representative government should be considered side by side with the
rights to work, health care, and education.
This vision continues to be challenged, however. Some still hold that
economic, social, and cultural rights are not rights at all but goals,
albeit laudable ones, that governments should strive to achieve. For
many in this camp, only civil and political rights are universal. This
attitude may help explain why fundamental rights to decent living
conditions, food, basic health care, and education, all laid down in
the International Covenant on Economic, Social, and Cultural Rights,
are widely denied. The 1999 State of the World's Children report of
the United Nations Children's Fund (UNICEF) warns that nearly a
billion people, one sixth of humanity, are functionally illiterate.
Two-thirds of them are women. Meanwhile, the latest World Bank report
indicates that the recent financial and economic crisis has driven
many into poverty, measured by the World Bank as income of less than
US$1 per day.
The victims of poverty are in fact denied almost all rights--not only
to adequate food, health care, and housing, but also to participation
in political processes, access to information and education, fair
legal treatment, and the benefits of citizenship. These conditions are
exacerbated for the most vulnerable, in particular women and children,
who in some parts of the world are being increasingly exploited
through drug trafficking, forced labor, and prostitution. Thus, the
separation of economic, social, and cultural rights from civil and
political rights does not reflect the reality of women's positions in
society, in which the violation of these rights is not so neatly
As gender inequality creates conditions of exploitation or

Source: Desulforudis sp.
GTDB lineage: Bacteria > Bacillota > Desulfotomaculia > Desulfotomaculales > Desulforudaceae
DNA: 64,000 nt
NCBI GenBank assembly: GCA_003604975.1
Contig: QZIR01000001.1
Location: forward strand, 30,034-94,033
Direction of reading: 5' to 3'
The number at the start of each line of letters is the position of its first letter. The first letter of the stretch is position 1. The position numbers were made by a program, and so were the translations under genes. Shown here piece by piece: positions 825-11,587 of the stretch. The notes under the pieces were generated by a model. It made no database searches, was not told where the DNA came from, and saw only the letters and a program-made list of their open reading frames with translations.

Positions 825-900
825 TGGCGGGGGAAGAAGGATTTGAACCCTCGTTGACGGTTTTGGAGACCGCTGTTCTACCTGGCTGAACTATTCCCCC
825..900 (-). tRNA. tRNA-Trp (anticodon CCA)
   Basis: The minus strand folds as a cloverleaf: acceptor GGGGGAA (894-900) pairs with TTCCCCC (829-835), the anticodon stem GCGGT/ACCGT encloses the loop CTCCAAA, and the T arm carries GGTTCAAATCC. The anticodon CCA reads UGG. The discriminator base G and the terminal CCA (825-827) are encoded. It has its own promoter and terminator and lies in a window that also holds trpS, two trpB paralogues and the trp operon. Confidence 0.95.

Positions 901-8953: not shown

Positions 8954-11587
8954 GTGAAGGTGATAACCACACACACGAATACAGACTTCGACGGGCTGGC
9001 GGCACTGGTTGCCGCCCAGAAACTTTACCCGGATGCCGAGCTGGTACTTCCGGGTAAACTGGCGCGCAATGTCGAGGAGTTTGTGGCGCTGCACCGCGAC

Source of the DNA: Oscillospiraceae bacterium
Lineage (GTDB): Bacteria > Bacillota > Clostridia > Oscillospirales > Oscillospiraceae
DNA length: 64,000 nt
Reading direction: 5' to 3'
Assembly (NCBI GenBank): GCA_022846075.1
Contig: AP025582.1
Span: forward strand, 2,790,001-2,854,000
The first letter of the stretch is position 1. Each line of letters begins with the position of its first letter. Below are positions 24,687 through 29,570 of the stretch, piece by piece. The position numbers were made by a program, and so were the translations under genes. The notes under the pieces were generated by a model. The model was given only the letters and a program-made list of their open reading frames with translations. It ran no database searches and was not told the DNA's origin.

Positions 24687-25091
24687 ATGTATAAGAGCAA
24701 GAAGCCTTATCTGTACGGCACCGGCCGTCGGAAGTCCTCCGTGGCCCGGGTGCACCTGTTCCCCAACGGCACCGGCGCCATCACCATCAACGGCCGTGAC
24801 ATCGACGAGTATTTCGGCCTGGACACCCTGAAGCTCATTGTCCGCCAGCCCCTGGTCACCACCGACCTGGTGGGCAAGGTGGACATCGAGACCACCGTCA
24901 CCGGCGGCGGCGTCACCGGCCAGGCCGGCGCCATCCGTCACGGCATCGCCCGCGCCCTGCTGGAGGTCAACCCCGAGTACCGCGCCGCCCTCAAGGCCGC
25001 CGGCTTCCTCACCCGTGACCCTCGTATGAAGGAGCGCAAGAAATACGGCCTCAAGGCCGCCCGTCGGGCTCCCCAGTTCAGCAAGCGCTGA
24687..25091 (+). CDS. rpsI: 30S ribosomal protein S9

subordination in the economic sphere for women, the lack of attention
to these rights is of particular concern. At the same time, women are
increasingly demanding progress in areas of health care, food,
shelter, and employment. The lesser status given to these rights
complicates this articulation. As Charlotte Bunch writes, "Women's
rights advocates need to show how socioeconomic rights are central to
the achievement of women's rights...Women fighting for recognition of
their human rights advocate a holistic understanding of human rights
as indivisible and interconnected. Socioeconomic and political-civil
rights should not be seen as competitive but as equally important
needs that must be sought together, not one before the other."
The holistic approach to human rights has, at least officially, gained
much new ground in the last decade. The Vienna Declaration and Program
of Action recognized in Chapter 1, Paragraph 18: "The human rights of
women and the gift child are an inalienable, integral, and indivisible
part of universal human rights." In the same section, the Program of
Action established that "the full and equal participation of women in
political, civil, economic, social, and cultural life, at the
national, regional, and international levels, and the eradication of
all forms of discrimination on the grounds of sex are priority
objectives of the international community." At the Third International